“If you are never scared, embarrassed, or hurt, it means you never take chances.” -Julia Soul

If you think you may have made mistakes, you are probably on the right track. That means you’re doing things even though you’re not perfect at them, which is the only way to learn and grow.

If you think you may have looked stupid, you are probably on the right track. That means you’re letting yourself be vulnerable, which is the only way to fully experience something new.

If you think you may have said the wrong thing, you are probably on the right …

Tiny Wisdom: On Being Bold When You’re Scared

“Begin, be bold, and venture to be wise.” -Horace

Have you ever heard the phrase “Feel the fear and do it anyway”? The first time I heard this, I immediately thought, “How?” How exactly do you push yourself to do something when everything in your body tells you not to do it?

If I practiced blind allegiance to corporate slogans, I might tell myself to “just do it.” But I’ve noticed that this is not sufficient for me. What helps me is to understand and chip away at the mental barriers in my way.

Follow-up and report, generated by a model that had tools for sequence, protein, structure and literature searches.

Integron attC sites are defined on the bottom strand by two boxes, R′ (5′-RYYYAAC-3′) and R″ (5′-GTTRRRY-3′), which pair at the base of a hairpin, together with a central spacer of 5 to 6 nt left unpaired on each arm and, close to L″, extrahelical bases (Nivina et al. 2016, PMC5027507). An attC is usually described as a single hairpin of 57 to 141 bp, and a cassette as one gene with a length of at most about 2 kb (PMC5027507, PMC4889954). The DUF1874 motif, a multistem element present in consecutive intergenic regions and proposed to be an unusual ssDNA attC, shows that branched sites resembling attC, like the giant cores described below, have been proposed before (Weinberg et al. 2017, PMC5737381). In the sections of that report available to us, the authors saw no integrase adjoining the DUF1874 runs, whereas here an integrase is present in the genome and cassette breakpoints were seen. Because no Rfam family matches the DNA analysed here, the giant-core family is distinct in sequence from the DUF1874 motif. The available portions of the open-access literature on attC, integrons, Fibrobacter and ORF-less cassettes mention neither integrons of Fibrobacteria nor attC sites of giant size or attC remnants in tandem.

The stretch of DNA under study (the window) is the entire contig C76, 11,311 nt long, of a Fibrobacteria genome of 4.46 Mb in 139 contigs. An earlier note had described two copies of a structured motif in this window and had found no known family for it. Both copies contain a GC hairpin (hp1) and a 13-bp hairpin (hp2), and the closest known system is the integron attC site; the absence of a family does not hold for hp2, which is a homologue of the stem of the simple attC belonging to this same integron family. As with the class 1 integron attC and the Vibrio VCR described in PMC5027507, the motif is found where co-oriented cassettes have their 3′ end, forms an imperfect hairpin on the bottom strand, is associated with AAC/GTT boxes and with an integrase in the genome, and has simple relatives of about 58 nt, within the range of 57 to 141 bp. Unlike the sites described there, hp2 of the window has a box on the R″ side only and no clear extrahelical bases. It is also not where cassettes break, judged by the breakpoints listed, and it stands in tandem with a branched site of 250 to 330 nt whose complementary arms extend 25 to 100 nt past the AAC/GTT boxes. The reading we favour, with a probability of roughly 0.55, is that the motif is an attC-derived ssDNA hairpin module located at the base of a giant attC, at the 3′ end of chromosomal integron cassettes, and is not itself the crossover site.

It’s only when we break down …

Tiny Wisdom: On Being Happy with What You Have

“Until you make peace with who you are, you will never be content with what you have.” -Doris Mortman

When I was a little girl, before I learned to question myself or my abilities, I decided that one day I would have it all.

I imagined I’d be a famous actress, I’d marry the man of my dreams, and we’d have and adopt lots of children that we’d take around the world, à la Brad and Angelina.

As I got older and allowed my failures to chisel away at my self-confidence, I slowly stopped believing I could have anything I …

Tiny Wisdom: It’s Not All About You

“When you are immune to the opinions and actions of others, you won’t be the victim of needless suffering.” -Miguel Ruiz

Years back, in a group therapy circle, I met a man who provided an interesting definition for paranoia: It’s when you’re sitting in the bleachers at a football game, watching the players in a huddle, convinced they’re talking about you.

While I’ve never suspected professional athletes were secretly laughing at me between plays, I have taken responsibility for a lot of things that likely had nothing to do with me.

Just recently, I emailed a friend of mine from …